re: What are the skills that a public school Computer Science teacher should possess? VIEW POST

VIEW FULL DISCUSSION
 

While I was first introduced to Computer Science by my father, I truly learned how to program and develop projects in a classroom setting in my high school. I have quite a lot of experience mentoring and teaching people CS. I've worked as a TA for a summer AP CS course and worked in a local non-profit that taught CS to middle school kids. From my previous experiences, some important things to implement so that CS is fun and not a chore:

Work towards easily achievable, "brag"-able, and customizable goals
I've found that students tend to enjoy CS in the earlier stages a lot more when they can see the products of their work. Even better yet when they can put their own spin on it and show it to all of their friends. One basic example would be to create a basic HTML+CSS website, throw in a PHP file that directs to the main.html site, and deploy it to heroku. Sure, they don't need to know how all of the parts work together, but the fact that they have a website accessible on the internet!!! will instantly inspire them to do more

Work in a language with understandable syntax
Python is my personal favorite when it comes to this, primarily because of keywords such as "in", "with" etc. Python requires little to no setup to create your first program, and the easy syntax makes coding intuitive (nevermind much easier to debug)

Always explain concepts by getting up and moving around
One of the hardest new concepts for programmers is recursion: I always like to teach this along with other OOP ideas (Inheritance, Casting, etc.) by getting students on their feet and doing some activity. For example, for recursion, you could have them find the length from one wall to the other by each student taking one step and then moving another student in front of them. The original is then instructed to tell the person behind them the number of steps they took (1) plus the number of students the student in front of them took. Small games like this go a long way in cementing concepts in students' minds.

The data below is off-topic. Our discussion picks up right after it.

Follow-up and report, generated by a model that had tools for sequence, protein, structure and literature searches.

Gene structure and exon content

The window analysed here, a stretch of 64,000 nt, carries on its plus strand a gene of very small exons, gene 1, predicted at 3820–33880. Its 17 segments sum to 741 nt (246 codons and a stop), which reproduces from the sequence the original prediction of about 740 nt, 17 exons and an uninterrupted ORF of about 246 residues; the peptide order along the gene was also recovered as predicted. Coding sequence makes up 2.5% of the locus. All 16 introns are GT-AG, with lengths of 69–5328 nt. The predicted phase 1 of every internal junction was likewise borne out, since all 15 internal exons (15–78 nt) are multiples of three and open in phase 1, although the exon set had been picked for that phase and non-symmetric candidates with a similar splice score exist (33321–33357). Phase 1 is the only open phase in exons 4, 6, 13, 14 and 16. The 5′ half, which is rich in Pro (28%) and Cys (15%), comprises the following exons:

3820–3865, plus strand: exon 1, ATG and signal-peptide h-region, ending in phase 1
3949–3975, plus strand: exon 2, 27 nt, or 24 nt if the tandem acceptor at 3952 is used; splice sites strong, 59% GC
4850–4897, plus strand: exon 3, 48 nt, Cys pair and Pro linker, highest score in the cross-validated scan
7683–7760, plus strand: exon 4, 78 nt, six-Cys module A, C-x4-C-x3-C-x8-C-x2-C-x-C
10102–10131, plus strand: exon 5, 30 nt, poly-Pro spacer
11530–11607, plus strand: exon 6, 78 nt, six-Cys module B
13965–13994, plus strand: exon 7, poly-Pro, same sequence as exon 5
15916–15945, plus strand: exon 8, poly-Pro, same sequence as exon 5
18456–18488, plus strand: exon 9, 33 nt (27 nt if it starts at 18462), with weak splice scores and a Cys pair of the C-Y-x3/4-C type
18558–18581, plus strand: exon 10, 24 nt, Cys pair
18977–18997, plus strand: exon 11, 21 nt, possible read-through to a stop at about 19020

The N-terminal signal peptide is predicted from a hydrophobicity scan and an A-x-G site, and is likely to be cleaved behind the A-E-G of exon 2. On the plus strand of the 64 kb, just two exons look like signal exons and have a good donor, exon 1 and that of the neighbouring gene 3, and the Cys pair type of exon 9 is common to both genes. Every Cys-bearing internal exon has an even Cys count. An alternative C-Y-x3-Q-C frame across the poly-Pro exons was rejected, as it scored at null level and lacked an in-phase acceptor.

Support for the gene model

Stay away from tests, and stick with projects
Coding is one of the few sciences which is powered by creativity. The beauty behind programming is that at its core it's a means of problem solving, and people approach problem solving in their own way. Thus, for grading purposes, if you grade projects rather than tests, the students tend to enjoy the class much more than they would have. Rather than cramming concepts, they're applying them while googling new ones to learn how to implement features they'd want (a rather important skill for a programmer too) Plus, grading for the teacher is a lot more fun.

As for teaching teachers themselves, my only advice, once again from personal experience, is that you should use the same techniques. Programming is something that doesn't become more intuitive with age but rather with practice and application. These ideas for teaching children will be just as effective if not more with adults. If the teachers are exposed to CS in an intuitive and memorable manner, they will be that much more likely to teach students in the same fashion.

Hope this helps!

 

I'm truly agreed with you about tests, cause most of the students just taking photos of their sheets and mail them to writing services, that re-send correct answers back. Projects instead of tests are more effective in education, as for me, because cheating on them it's too complicated)

 

One basic example would be to create a basic HTML+CSS website

When I was in fourth grade, we took a "Computer Applications" course in which we were basically hand-held through the process of making a website.

At one point, our teacher had us start copying JavaScript games onto our sites. Some of my classmates had put one or two games up before I had found my perfect one. Not to be outdone, I quickly threw together a couple games on a hideous page and presented it to the teacher. He liked it so much that he put it on the board to display to the class.

He then decides to try out one of the games. I hadn't had a chance to tinker with it, but the name seemed cool so "Ask Mustafa" was my premiere game. It was basically an input field to ask a question and a cheesy output.

It was after the second question that my, and every kid's, worst fear was realized: one of the copy-pasted responses was something to the tune of "kiss my ass, bitch!" The teacher looked at me for a second and I, not having seen the response, held his gaze. And then the class burst out laughing. Still not knowing what had happened, I looked around wildly to see if I could figure out what had happened.

That teacher couldn't look me in the eyes again. He retired a few years ago.

 

It absolutely helps. I love the idea of project based learning for CS as it mimics closely the process of creating an actual process. Thanks for the input!

code of conduct - report abuse